Hordes of distraught Egyptians took to the streets after a judge dropped charges against former president Hosni Mubarak for the murders of hundreds of protesters killed during the country's 2011 revolution.
The demonstrations revealed growing discontent with the current military rule of President Abdel Fatah el-Sisi. The military reacted to the protests by closing off Cairo's Tahrir Square, the nerve center of the 2011 uprising.
The judge's ruling — which also acquitted all seven of Mubarak's former security chiefs who were facing murder charges — deemed the 86-year-old former leader not guilty on a technicality. The judge said the case was "inadmissible" because prosecutors did not indict Mubarak until three months after he was ousted, according to Egyptian investigative reporter Hossam Bahgat.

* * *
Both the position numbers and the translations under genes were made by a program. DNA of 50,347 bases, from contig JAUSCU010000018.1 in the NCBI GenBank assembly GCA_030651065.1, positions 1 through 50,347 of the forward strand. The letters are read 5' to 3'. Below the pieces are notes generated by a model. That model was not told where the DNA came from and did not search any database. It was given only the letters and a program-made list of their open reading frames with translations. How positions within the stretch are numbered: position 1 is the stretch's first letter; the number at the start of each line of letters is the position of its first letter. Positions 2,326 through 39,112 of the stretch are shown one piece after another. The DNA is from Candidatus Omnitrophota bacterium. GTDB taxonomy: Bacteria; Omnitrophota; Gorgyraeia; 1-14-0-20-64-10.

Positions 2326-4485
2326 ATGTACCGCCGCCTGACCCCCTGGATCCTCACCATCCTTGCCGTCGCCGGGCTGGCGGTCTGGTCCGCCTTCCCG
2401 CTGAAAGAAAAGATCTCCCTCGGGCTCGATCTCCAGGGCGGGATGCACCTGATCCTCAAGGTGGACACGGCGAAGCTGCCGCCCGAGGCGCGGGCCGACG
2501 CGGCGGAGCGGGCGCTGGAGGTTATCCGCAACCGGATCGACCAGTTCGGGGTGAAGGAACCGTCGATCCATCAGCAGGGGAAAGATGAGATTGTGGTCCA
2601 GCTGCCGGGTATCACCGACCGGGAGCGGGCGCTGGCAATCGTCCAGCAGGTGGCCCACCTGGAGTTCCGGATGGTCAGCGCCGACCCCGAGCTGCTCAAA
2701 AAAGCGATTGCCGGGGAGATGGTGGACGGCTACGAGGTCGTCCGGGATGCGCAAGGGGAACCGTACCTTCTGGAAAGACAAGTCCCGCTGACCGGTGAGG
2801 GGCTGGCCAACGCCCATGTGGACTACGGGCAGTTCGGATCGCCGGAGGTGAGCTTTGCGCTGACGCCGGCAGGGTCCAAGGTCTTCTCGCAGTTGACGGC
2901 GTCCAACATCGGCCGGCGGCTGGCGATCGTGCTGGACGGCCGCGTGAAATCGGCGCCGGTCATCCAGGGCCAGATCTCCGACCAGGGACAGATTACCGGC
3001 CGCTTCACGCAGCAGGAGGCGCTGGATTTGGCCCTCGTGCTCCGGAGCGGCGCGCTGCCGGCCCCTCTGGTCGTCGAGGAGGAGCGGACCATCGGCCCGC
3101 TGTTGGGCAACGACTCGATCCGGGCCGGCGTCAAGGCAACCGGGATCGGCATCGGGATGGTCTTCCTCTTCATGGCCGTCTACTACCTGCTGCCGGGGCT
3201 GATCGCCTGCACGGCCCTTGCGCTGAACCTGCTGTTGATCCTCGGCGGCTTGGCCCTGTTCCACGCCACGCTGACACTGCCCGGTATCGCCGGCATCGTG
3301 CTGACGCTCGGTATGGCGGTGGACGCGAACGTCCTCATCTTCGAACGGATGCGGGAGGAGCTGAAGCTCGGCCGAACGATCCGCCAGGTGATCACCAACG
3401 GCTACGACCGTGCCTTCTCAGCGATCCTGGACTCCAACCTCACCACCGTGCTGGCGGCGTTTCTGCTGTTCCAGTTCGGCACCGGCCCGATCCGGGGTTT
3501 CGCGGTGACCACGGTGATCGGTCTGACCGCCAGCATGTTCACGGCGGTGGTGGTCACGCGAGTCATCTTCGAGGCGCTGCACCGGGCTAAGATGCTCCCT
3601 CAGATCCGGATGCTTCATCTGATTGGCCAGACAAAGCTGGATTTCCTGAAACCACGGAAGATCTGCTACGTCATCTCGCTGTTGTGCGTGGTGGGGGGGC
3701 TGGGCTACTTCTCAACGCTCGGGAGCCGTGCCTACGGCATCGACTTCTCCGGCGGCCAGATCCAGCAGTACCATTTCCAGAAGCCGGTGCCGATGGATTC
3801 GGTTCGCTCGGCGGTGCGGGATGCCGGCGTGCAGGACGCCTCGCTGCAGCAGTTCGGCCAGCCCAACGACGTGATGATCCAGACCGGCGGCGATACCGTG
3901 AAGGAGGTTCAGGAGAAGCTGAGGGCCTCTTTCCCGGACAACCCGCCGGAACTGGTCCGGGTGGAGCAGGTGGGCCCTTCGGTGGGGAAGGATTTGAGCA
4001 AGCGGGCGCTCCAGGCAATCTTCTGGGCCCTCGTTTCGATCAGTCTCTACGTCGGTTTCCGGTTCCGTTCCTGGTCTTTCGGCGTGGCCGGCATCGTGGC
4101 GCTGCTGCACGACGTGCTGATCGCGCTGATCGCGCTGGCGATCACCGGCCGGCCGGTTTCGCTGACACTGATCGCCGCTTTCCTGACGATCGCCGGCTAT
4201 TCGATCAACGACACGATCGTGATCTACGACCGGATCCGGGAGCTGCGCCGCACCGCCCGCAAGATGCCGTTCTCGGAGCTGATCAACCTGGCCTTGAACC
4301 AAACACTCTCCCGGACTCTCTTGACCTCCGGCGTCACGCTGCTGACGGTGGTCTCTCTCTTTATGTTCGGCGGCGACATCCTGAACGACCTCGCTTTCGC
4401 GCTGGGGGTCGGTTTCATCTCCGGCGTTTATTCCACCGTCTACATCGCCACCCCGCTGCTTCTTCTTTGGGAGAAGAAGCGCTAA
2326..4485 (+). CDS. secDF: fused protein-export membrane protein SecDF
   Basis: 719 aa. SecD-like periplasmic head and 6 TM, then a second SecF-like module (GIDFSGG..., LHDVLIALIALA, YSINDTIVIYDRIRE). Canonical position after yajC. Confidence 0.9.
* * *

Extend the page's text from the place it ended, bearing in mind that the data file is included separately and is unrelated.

The ruling followed violent anti-government and anti-military protests on Friday. At least four civilians were killed in the first large-scale organized demonstrations in months. Security forces opened fire on the protesters in Cairo, witnesses told Al Jazeera.
The Islamist group Salafi Front organized Friday's demonstrations. Videos show distraught protesters bleeding and lying on the ground in Cairo.
The protests included supporters of the Muslim Brotherhood movement, including a march of mostly women in Alexandria.
"Sisi, you are Mubarak's dog," the women chant in a video of the demonstration. "Execution is waiting for you."
News of Mubarak's acquittal only compounded the sense of frustration for many Egyptians.
"It's an oppressive ruling," Mostafa Morsi, the father of a young man killed in the 2011 protests, told AFP of Judge Mahmud Kamel al-Rashidi's verdict. "The blood of my son has been wasted."
Mubarak — who still must serve a three-year sentence for embezzlement of public funds —insisted after the verdict that he had "done nothing wrong at all."
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